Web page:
Our meta-analysis exhibits several advantages. All included studies are recent RCTs with large sample sizes. The subgroup analysis and sensitivity analysis have been performed to assess potential confounding factors and the stability of the outcomes. The main strength of this systematic review lies in that the most precise and broadest definitions of asthma --"allergic asthma” and “asthma/wheeze” are used as our outcome variables. However, our systematic review has some limitations. The extrapolation of the conclusion needs to be further verified because of the unavoidable risk of multiple analysis and chance finding. The primary studies have different protocols, which may affect our findings. For example, the baseline characteristics of pregnant women, the dosage of intervention, and the diagnosis of outcomes are different.

The hypothesis linking maternal n–3 LC-PUFA intake to protection against childhood asthma/wheeze or allergic asthma cannot be absolutely accepted or rejected due to the lack of new and large-sized RCTs, possible confounding factors, and potential bias.

The race, dosage, susceptibility of n-3 LC-PUFA, and supplementation time should be assessed in the future. Large-sample and multi-center RCTs are required to better comprehend the efficacy of supplementation with n-3 LC-PUFA during pregnancy for protecting against asthma/wheeze or other relevant allergic diseases.


The results showed that prenatal supplementation with n-3 LC-PUFA may reduce the incidence of asthma/wheeze or allergic asthma in offspring under certain conditions. According to the dose-response analysis, higher doses suggest stronger protective effects. Further high-quality RCTs with large sample sizes should be performed, especially for different races and regions, to examine the effects of reasonable doses of prenatal n-3 PUFA intake and asthma/wheeze in offspring.

Availability of data and materials

The datasets analyzed in this study are available from the corresponding author on reasonable request.



Omega-3 long-chain polyunsaturated fatty acids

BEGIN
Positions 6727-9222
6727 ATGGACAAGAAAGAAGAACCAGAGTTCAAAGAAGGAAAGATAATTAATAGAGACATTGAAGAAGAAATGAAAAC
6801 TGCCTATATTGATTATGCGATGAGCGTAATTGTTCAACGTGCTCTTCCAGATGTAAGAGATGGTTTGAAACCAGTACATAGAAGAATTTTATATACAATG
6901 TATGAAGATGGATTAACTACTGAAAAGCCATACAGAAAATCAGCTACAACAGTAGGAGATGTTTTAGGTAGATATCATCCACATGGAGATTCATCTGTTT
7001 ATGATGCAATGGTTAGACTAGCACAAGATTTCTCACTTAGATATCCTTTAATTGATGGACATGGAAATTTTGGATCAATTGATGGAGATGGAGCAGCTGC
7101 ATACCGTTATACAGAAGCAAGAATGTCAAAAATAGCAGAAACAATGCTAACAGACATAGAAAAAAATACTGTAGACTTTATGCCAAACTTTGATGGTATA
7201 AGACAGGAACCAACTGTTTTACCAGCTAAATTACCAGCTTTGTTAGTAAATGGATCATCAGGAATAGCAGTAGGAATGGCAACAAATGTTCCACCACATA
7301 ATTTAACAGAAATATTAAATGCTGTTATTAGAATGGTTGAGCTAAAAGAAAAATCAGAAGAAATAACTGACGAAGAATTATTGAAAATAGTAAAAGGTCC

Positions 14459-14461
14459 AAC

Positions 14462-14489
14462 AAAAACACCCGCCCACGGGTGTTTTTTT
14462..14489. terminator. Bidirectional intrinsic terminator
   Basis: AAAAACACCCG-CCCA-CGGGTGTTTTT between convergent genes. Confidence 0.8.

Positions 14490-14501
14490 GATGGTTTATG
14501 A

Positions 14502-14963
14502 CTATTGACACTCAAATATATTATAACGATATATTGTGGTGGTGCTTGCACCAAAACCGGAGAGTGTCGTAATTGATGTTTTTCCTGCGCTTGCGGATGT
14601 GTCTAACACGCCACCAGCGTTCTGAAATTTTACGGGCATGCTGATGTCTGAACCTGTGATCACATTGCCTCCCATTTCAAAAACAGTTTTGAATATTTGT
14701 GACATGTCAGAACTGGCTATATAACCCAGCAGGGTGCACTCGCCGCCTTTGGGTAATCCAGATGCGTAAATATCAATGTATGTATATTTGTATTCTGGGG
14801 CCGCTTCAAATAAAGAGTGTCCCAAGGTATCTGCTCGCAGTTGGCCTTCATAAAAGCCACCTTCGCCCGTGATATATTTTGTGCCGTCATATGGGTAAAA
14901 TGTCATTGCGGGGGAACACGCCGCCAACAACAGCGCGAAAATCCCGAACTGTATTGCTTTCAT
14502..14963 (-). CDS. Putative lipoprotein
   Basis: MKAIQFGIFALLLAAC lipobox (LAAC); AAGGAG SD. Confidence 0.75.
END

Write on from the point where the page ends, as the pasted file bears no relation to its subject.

Eicosapentaenoic acid


Docosahexaenoic acid


Randomized controlled trials


Systematic Reviews and Meta-Analyses


Relative risk


Confidence interval


Hazard ratio


Incidence rate ratio


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The authors are very grateful to professor Huili Wang and Haili Jiang for their guidance.


No funding was obtained for this study.

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Authors and Affiliations



Literature retrieval and conceptualisation: HW and HJ. Methodology:YJ and YH. Data collection and conducted the dose-response meta analysis: YJ, HJ and YH. Write the first draft of the manuscript: YJ. Supervision: HW. All authors read and approved the final submitted manuscript.

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Correspondence to Huili Wang or Haili Jiang.

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Supplementary Information

Additional file 1 Appendix 1–1.

Sensitivity analyses of the effect of n-3 PUFA supplementation during pregnancy on the incidence of asthma/wheeze. Appendix 1–2. Sensitivity analyses of the effect of n-3 PUFA supplementation during pregnancy on the incidence of allergic asthma.

Additional file 2 Appendix 2.

Data of dose-response analysis on perinatal supplementation of n-3 PUFA and risk of asthma/wheeze.

Additional file 3 Appendix 3.

Sensitivity analyses of non-high risk studies on the incidence of asthma/wheeze.

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Jia, Y., Huang, Y., Wang, H. et al. A dose-response meta-analysis of the association between the maternal omega-3 long-chain polyunsaturated fatty acids supplement and risk of asthma/wheeze in offspring. BMC Pediatr 22, 422 (2022).